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Mayerson Student Philanthropy Project to award $17,000 to local nonprofit agencies


Nationally recognized service learning program celebrates 15 years

University Marketing + Communications

HIGHLAND HEIGHTS, Ky. – In 1999, Northern Kentucky University created the Mayerson Student Philanthropy Project with the vision that partnering with local nonprofit agencies to provide hands-on learning opportunities for students would not only enrich the community in the short term, but would also produce NKU graduates who remain lifelong community stewards. 

Fifteen years later, those classes have had a hand in investing more than $1 million in more than 330 nonprofit agencies, most of them in Northern Kentucky and Greater Cincinnati. 

More than 3,300 students have participated in the program since the inaugural class in fall 2000, and those who complete the program report significantly increased awareness of and engagement with community needs.

“The investment of more than $1 million in community needs is an important landmark for our Mayerson Student Philanthropy Project. It means that dozens upon dozens of nonprofits, and thousands of people, have had more resources,” said NKU President Geoffrey S. Mearns. “But the money invested is just part of the story. 

“What also has happened over the past 15 years is that our students have enjoyed more academic success. Nine out of ten students who have taken a Mayerson class report a better understanding of their course material with student philanthropy as a component of the class,” he said. “We are proud of the community investment, but equally proud of developing a classroom approach that supports student success.”

On Dec. 1, the Mayerson Student Philanthropy Project will award $17,420 to 12 area nonprofit agencies that have partnered with NKU students this fall on a range of community projects.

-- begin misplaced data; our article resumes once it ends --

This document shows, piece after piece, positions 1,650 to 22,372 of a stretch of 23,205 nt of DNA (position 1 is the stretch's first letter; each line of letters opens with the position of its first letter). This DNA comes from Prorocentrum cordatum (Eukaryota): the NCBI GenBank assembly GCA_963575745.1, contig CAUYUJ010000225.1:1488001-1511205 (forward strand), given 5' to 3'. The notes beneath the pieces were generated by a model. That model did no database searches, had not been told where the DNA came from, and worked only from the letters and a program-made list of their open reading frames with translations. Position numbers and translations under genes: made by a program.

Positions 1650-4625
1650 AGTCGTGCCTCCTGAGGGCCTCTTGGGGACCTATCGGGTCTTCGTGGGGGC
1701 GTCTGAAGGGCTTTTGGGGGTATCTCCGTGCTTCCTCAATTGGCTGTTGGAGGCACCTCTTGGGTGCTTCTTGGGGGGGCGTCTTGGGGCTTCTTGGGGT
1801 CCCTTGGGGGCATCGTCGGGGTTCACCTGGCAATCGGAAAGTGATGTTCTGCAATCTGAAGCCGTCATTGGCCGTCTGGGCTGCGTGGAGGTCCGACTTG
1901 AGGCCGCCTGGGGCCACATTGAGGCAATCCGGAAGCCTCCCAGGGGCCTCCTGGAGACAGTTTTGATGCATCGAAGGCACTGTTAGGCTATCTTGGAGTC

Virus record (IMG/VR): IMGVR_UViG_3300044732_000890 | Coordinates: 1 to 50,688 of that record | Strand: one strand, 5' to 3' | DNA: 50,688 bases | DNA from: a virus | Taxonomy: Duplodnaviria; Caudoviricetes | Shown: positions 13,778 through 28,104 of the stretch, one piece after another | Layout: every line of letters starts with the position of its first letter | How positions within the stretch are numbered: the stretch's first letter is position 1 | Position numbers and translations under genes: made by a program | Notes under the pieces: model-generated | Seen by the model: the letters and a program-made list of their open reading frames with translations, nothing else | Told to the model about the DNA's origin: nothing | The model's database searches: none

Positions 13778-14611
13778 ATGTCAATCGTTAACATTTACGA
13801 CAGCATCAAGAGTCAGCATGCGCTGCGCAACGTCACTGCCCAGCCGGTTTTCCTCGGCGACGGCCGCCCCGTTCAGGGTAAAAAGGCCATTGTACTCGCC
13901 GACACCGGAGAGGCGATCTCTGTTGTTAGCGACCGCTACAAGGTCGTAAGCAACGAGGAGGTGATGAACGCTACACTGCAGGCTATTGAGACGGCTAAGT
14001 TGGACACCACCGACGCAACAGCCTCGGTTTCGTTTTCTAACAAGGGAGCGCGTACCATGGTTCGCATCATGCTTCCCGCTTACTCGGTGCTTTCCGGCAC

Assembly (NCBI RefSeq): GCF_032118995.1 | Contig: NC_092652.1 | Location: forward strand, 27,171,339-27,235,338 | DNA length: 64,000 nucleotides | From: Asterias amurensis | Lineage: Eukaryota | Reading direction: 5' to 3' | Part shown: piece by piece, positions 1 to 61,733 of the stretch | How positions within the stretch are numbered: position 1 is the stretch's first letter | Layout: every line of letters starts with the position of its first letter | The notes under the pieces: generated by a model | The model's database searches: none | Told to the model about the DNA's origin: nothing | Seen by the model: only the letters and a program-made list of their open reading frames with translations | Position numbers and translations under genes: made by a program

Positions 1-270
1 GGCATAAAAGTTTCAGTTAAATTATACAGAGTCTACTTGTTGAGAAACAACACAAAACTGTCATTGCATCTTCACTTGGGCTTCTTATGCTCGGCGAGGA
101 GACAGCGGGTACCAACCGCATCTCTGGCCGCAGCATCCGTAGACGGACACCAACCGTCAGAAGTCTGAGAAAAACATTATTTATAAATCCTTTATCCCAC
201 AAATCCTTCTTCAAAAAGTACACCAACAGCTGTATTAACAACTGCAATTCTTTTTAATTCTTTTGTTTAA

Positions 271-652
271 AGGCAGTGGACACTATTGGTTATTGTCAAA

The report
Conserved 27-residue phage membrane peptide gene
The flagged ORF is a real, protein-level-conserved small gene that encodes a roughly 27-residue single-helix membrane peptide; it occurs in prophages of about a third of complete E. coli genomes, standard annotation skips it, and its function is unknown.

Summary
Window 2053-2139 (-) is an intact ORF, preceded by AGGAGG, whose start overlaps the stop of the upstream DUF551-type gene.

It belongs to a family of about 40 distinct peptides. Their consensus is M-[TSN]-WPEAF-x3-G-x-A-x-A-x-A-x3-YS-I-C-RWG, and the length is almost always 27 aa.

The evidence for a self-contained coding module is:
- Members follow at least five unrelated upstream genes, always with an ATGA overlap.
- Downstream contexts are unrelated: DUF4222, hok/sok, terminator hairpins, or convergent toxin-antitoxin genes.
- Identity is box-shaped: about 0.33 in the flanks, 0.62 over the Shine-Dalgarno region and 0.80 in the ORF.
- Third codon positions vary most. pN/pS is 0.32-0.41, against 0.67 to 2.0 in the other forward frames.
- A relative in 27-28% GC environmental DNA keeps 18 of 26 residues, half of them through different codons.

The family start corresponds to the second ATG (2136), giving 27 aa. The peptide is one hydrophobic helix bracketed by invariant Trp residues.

From the German class that adopted Crayons to Computers and launched a crowdfunding campaign to help get school supplies to needy children across the region, to the Visual Arts class making handmade dolls for the Guardian Angels School at the Diocesan Catholic Children’s Home, each of the projects is making a positive impact in the community.

Those partnerships will be recognized at Tuesday’s celebration, which is 4-6 p.m. Dec. 1 at the James C. and Rachel M. Votruba Student Union Ballroom. The event is open to the public.

In addition to Crayons to Computers and DCCH, recipients include The Grateful Life Center, Brighton Center, Scholar House, the Mill Creek Watershed Council of Communities, NKCAC Head Start of Boone County, My Nose Turns Red Youth Circus, Pones, Inc., Know Theatre of Cincinnati, Doctors Without Borders, and Mentoring Plus.

“After 15 years, we have invested $1 million in our community and created a program that is a national model, duplicated at other colleges and universities across the nation,” said Mark Neikirk, executive director of the Scripps Howard Center for Civic Engagement. “But it is the stories of our students – their rich experiences as they learned about community needs and worked to address them – that keep us moving forward.” 

The Mayerson Student Philanthropy Project is an initiative of the Scripps Howard Center for Civic Engagement. It is funded by the Manuel D. & Rhoda Mayerson Foundation and a number of other community partners and businesses. This semester’s donors also include Citi, ArtsWave, Skyward, the Scripps Howard Foundation, and Toyota Boshoku.

The student philanthropy classes take one of two approaches.

Most classes receive between $1,000 and $2,000 from community donors, though students often raise extra funds on their own. The class examines needs in the community, explores what nonprofits are addressing those needs, and then awards mini-grants to nonprofits that the students believe will most effectively address a need.

Some classes also take an indirect model, where students work with the giving board of a major donor such as Toyota or Citi. The students review applications, visit nonprofits, and present their findings to the giving board, which decides what to fund.

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